Moir's claim that Labour planned to axe the scheme is also disingenuous, as the Save EMA campaign successfully lobbied the last government to support EMA "up to and beyond" 2011 when the school leaving age is raised. But what was most telling was her complete vindication of Michael Gove, who she says for a long time thought it was a flop. Did she miss the last election where Gove said he would not scrap EMA? But her admiration for him is deeper than this, as she says that if EMA went towards supporting "a thirst for classics" then she wouldn't mind the scheme.

It also explains why Michael Gove says his model pupil is Mark Zuckerberg, the founder of Facebook. Gove believes that Zuckerberg became a billionaire due to his mastery of ancient languages. Zuckerberg, however, did not take advantage of a skills gap in ancient Greek, but rather computer sciences.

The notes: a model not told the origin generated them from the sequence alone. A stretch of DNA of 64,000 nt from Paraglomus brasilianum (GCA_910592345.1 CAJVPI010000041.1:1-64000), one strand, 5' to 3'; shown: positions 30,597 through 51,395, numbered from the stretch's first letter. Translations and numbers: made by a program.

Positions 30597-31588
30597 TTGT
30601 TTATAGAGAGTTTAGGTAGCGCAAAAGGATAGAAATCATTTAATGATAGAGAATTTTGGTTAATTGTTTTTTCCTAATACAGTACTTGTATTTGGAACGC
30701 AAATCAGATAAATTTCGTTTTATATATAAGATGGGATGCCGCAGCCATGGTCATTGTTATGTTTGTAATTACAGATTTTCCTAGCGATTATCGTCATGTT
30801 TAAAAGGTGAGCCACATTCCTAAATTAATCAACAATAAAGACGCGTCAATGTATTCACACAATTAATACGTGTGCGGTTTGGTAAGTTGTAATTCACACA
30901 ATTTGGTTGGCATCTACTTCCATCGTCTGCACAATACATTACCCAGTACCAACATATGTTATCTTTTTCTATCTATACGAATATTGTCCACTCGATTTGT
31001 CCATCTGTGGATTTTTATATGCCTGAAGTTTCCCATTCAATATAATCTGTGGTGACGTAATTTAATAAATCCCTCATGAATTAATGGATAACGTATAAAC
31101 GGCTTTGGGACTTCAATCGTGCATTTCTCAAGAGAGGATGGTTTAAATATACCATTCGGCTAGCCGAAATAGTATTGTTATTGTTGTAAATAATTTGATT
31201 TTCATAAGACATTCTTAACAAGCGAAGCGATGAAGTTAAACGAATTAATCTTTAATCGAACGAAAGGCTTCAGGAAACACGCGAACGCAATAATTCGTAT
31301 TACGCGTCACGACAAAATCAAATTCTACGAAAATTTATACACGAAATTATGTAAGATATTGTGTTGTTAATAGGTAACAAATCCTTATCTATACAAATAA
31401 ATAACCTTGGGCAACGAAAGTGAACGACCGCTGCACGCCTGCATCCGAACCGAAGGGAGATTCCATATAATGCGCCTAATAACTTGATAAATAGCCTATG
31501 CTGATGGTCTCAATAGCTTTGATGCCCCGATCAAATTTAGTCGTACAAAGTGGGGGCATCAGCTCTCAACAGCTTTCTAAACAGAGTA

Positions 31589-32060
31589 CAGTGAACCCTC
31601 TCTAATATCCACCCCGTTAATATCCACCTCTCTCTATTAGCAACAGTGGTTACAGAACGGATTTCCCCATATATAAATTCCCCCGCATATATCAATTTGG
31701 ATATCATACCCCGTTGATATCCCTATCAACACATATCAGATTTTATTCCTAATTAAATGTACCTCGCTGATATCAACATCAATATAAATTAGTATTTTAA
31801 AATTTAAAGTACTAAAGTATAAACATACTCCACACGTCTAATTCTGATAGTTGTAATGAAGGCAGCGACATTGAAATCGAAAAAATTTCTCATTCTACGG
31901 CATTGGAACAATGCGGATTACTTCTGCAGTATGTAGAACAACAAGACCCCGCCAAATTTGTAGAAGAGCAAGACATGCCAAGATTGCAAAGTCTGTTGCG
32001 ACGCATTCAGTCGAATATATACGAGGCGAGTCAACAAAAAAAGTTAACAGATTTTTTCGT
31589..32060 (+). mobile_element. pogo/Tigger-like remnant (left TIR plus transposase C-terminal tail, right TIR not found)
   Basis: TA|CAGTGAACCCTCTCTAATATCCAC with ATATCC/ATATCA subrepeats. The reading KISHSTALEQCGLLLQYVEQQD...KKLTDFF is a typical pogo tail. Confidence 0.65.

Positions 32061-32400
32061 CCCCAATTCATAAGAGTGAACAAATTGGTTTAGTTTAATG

More important to his success was his ability to get a further education. Zuckerberg was born into a middle-class family in leafy Ardesly Village in New York State, allowing him to walk to class every day, unlike many of the poorest teenagers in our country, who have to commute many miles to their college, and find the money to cover the fare rises.

Unfortunately, Jan Moir is not alone in the media in lacking knowledge of the ordinary people she purports to speak for. Paul Ross, speaking on his BBC London radio show, said to me:

This sounds brutal, and I've got four children in state education and I would love them to benefit from EMA, but actually cuts are happening across the board.